The reign of Edward VI saw great religious upheaval from a Protestant religion that was Catholic in nature to a more clearly defined and radical quasi-Calvinism. In that sense religious policy hardened. But the policies and ideal never became deeply entrenched and accepted throughout the country and often only existed to serve the interests of those who enacted them, and not the future stance of the church. Under Somerset the changes involved merely creating a Protestant facelift, and only under Northumberland did sweeping radical changes emerge. However, policy never hardened enough, or became accepted enough, to prevent it being disintegrated when Mary came to power in 1553.
The religious situation was highly unstable at the time of Edward's ascendance. Although Henry had allowed Protestant leaning clerics to predominate in the later year of his reign, most religious statutes remained orthodox, and conservative. But under Somerset Protestants who had previously fled to Europe after the six articles, such as Hooper, Becon, and Turner, all returned.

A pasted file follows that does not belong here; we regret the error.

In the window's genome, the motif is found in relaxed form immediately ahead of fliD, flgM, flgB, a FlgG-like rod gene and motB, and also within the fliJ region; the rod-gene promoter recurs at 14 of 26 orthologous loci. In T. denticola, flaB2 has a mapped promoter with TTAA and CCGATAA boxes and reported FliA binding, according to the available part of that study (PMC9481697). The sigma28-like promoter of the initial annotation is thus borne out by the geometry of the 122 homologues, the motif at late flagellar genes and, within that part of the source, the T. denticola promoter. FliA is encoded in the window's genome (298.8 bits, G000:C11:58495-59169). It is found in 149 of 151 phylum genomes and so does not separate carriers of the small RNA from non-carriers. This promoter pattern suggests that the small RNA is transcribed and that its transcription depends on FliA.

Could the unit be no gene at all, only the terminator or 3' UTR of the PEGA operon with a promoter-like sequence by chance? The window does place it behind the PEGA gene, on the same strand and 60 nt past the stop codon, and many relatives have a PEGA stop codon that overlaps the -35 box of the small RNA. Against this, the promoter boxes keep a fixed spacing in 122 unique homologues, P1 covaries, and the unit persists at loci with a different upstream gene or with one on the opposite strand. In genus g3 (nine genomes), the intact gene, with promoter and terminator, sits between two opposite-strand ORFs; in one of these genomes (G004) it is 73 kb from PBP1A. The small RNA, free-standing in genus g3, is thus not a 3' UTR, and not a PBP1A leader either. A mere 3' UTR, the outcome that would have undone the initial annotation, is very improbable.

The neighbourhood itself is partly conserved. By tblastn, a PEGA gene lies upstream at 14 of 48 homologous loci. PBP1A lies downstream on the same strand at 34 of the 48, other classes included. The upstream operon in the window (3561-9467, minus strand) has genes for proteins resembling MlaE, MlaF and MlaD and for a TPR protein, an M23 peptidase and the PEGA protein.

Many were writers banned under Henry VIII, along with Luther and other European Protestants. Guy points out that 159 out of 394 new books printed during the Protectorate were written by Protestant reformers.
Reformers predominated the Privy council under Somerset, and reform was popular amongst the gentry of the time. But outside London and East Anglia Protestantism was not a major force. In terms of religious hardening, it is unlikely that the surge of Protestantism had any particular long term impact outside these areas. It was only in these areas that violent iconoclasm took place. Elsewhere far more moderate reforms such as vernacular Bibles and services were introduced.
The legislation of the Somerset era also did little to aid a definite hardening of religious policy. The Privy council remained reluctant to make any radical...